Russia's New BMD-Beater

Topol-M-web.jpg

Russia recently launched a new Intercontinental Ballistic Missile (ICBM) capable of carrying Multiple Independently targeted Re-entry Vehicle (MIRV) warheads, ostensibly intended to penetrate the U.S. ballistic missile defense system. The improved Topol-M missile launched on 29 May was fired from a mobile launcher at the Plesetsk launch site in northwestern Russia. Its test warhead was reported to have landed on target about 3,400 miles down range on the Far Eastern Kamchatka Peninsula.

The TOPOL-M - given the Soviet designation RS-24 and the NATO designation SS-27 - also has a submarine-launched variant known as the Bulava (NATO SS-N-30).The naval missile will be carried by the new submarines of the Borey class. Statements from Russian officials indicate that the Topol-M and Bulava are being upgraded with new warheads and other countermeasures (probably decoys) to counter the U.S. ballistic missile defense system now being deployed. If these missiles are specifically intended to overcome U.S. defenses, their warheads can be expected to have maneuvering re-entry vehicles, called MaRVs in the strategic lexicon.

MaRV warheads were developed by the United States during the Cold War in response to Soviet ballistic missile defenses, but were never installed on ICBMs.

The original land-based Topol-M missile was deployed in small numbers, probably because of technical problems and large cost overruns. The first Topol-Ms were placed in service in 1997. The land-based Topol-M now appears to be in production to replace obsolete (and questionably reliable) fixed-silo ICBMs left over from mid-Cold War era and eventually the SS-25, the Soviet-eras first generation land-mobile ICBM.MaRV-web.jpg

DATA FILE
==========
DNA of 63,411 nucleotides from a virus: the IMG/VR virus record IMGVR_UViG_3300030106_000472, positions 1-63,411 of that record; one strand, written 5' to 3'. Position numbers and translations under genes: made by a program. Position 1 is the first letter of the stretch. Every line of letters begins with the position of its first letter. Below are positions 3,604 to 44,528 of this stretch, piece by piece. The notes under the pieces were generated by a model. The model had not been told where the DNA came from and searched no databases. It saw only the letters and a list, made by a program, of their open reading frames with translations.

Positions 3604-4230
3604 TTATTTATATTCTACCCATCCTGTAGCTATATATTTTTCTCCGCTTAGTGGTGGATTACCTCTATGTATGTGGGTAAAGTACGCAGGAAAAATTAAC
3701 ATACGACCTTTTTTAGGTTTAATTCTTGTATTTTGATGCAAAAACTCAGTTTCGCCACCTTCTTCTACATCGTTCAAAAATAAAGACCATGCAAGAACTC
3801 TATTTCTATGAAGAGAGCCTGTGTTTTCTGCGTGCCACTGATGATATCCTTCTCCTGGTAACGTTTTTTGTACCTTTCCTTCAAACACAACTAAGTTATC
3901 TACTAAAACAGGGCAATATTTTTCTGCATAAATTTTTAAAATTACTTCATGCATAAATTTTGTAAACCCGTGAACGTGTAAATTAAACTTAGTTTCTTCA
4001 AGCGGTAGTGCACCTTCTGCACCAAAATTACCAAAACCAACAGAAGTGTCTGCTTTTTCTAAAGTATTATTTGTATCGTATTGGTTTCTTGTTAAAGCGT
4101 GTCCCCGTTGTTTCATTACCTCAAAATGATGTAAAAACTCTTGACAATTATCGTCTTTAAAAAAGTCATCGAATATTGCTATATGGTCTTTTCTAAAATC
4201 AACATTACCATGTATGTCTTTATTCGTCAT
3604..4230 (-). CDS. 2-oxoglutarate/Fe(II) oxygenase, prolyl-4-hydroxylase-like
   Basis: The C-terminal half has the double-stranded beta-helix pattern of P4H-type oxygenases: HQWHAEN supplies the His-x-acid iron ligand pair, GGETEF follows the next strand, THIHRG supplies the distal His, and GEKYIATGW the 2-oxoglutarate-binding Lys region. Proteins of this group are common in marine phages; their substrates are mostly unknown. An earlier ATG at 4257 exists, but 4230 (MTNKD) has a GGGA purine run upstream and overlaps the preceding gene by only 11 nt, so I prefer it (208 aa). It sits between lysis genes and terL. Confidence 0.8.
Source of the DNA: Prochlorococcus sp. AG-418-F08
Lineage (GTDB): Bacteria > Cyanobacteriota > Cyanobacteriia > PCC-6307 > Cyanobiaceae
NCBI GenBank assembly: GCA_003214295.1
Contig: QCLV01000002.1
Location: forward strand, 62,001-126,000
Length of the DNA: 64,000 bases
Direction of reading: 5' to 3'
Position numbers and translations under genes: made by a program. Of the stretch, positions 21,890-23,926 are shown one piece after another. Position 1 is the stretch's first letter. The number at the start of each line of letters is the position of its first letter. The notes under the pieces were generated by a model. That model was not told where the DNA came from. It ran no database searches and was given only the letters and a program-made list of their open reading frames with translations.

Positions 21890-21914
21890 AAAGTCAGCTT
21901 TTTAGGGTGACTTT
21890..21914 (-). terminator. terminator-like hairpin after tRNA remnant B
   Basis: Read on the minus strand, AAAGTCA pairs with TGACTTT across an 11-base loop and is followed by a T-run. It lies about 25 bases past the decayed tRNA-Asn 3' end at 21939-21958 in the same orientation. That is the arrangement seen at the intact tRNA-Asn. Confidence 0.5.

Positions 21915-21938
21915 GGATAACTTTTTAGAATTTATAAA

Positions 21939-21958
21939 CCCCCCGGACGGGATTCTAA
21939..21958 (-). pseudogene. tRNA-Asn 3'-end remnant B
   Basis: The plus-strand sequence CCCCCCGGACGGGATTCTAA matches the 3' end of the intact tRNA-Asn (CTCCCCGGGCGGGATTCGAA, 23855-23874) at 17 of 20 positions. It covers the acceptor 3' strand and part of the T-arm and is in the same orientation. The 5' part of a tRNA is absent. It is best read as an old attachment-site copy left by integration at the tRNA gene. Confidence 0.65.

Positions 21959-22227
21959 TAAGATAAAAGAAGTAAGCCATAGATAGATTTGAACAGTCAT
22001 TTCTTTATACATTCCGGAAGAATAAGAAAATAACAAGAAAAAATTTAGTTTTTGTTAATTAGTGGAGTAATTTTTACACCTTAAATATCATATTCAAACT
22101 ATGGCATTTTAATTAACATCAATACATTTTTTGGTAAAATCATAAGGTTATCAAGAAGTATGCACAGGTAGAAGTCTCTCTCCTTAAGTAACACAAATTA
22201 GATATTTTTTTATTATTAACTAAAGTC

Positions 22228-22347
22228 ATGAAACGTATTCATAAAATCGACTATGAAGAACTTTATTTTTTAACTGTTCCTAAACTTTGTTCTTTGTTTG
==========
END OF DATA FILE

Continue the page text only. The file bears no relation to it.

Similarly, the submarine-launched Bulava is apparently planned to replace the outdated missiles in the Soviet-era Delta IV class that remain in Russian service. The Topol was adopted for submarine use following cancellation of a new missile, the SS-NX-28, that apparently suffered massive technical problems.

President Vladimir Putin has repeatedly stated that Russia would continue to improve its nuclear weapons systems and respond to U.S. plans to deploy a missile defense system in Europe. Following the ICBM test on 29 May, Russian news agencies reported First Deputy Prime Minister Sergei Ivanov saying that the ICBM, as well as a tactical cruise missile that also was tested that day, can penetrate any missile defense system.

"As of today, Russia has new [missiles] that are capable of overcoming any existing or future missile defense systems," ITAR-Tass quoted Ivanov. "So in terms of defense and security, Russian can look calmly to the country's future."

Ivanov is a former defense minister seen as a potential candidate to succeed Putin in next years national elections.

-- Norman Polmar

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